Maurice is 8 years old He attends a regular grade 3 class at Blueberry Elementary School in Castlegar He lives with his Mom, Felicia, who is a wholistic nutritional and lifestyle consultant
His Dad (Ed) and his little brother (Charlie), who is 6, live up the road in New Denver Ed works as a heavy equipment mechanic for the Ministry of Highways Maurice spends weekends with Ed and Charlie.
Maurice likes his time with Ed and Charlie although they have different ideas of a good time Ed and Charlie enjoy dirt biking and hunting, and are fans of the Calgary Flames Maurice doesn’t really care much for hockey; he reads, lots, and likes to watch documentary programs on TV. Last year he went to a drama summer camp and played the role of Puck in Midsummer Night’s Dream. Everyone said he was brilliant. Still, Maurice, Ed and Charlie get along well and like one another a lot.
Maurice Hates School He begs his mom to let him stay home almost every day. He’s never liked his teachers, and they don’t really seem to like him. His classmates say he’s “weird.”
Stuff he’s good at and likes Last summer Maurice took part in a drama summer camp near Nelson. They staged “Midsummer Night’s Dream,” Everyone said Maurice’s “Puck” was just brilliant. http://www.youtube.com/watch?v=cOL5MdbJPJM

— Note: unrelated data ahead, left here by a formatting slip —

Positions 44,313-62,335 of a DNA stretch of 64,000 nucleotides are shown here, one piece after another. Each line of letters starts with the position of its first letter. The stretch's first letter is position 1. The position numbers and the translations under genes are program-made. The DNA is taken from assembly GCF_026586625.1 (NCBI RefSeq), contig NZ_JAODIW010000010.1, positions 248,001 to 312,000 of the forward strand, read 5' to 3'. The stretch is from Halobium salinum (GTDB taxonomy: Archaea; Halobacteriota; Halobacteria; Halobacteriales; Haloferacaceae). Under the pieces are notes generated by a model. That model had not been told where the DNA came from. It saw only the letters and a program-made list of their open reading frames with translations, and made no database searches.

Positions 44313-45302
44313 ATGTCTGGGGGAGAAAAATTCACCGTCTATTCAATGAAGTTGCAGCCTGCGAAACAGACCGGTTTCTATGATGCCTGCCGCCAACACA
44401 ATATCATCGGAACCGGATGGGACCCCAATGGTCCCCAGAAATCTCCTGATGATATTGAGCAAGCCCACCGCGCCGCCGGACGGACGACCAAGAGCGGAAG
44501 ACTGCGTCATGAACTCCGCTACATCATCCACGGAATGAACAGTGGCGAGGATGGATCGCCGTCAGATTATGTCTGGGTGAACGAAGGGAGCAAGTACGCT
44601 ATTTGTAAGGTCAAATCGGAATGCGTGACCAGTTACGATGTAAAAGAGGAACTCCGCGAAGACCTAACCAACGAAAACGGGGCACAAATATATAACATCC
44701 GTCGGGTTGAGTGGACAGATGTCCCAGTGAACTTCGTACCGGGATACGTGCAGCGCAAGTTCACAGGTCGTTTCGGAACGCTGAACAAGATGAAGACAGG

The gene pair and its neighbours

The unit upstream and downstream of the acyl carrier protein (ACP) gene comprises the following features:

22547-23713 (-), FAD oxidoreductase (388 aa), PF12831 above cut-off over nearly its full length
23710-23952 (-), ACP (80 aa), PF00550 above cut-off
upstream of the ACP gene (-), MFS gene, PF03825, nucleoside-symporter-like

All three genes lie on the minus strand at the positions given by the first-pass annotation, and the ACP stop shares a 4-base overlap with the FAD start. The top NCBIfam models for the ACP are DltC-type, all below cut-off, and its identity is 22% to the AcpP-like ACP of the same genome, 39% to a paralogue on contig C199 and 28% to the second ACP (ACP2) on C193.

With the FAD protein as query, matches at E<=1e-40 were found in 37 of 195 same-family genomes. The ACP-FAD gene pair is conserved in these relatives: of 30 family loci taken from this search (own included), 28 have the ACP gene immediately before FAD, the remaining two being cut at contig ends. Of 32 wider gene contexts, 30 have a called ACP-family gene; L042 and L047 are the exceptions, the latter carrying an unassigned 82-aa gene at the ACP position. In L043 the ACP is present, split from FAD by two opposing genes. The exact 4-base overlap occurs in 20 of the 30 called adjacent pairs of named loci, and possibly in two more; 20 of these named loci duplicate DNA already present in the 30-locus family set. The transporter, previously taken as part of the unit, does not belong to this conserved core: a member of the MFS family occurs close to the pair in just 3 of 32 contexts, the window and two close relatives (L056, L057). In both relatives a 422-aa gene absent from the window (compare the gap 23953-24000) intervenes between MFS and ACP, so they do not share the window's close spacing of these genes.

He’s learning to play chess… And can beat anyone in Castlegar by now… http://www.youtube.com/watch?v=1S_H7-Fmd7k&feature=related
Worries… Mr. Jock, Maurice’s teacher this year, is concerned about Maurice. He’s taught in Castlegar for thirty years and never met anyone like Maurice. When Mr. J comes into the classroom, Maurice not only doesn’t meet his eye, he turns away in apparent contempt. And he’s a show-off. He asks questions—especially in science—that Mr. J can’t answer.
And Penmanship! Mr. Jock has always valued tidy penmanship. He won’t accept any assignment unless it has clear margins and neat handwriting. Maurice’s work is always sloppy, so Mr. Jock fails everything he does. Maurice’s mom has asked if he could use a computer, but Mr. J. thinks he shouldn’t have that privilege until he learns to be neater.
Is Maurice a Special Needs Student? Mr. Jock has suggested that Maurice be identified as a student with a behaviour disorder. There’s a special class in Nelson he could be bussed to. The district requires psychological testing before that designation is applied.
Test results: Can’t compute full-scale IQ because there is too big a difference between Maurice’s verbal and nonverbal abilities: Verbal—180 Nonverbal 120 Psychologist also noted a significant disability in visual motor integration, but equally and more significant areas of giftendness.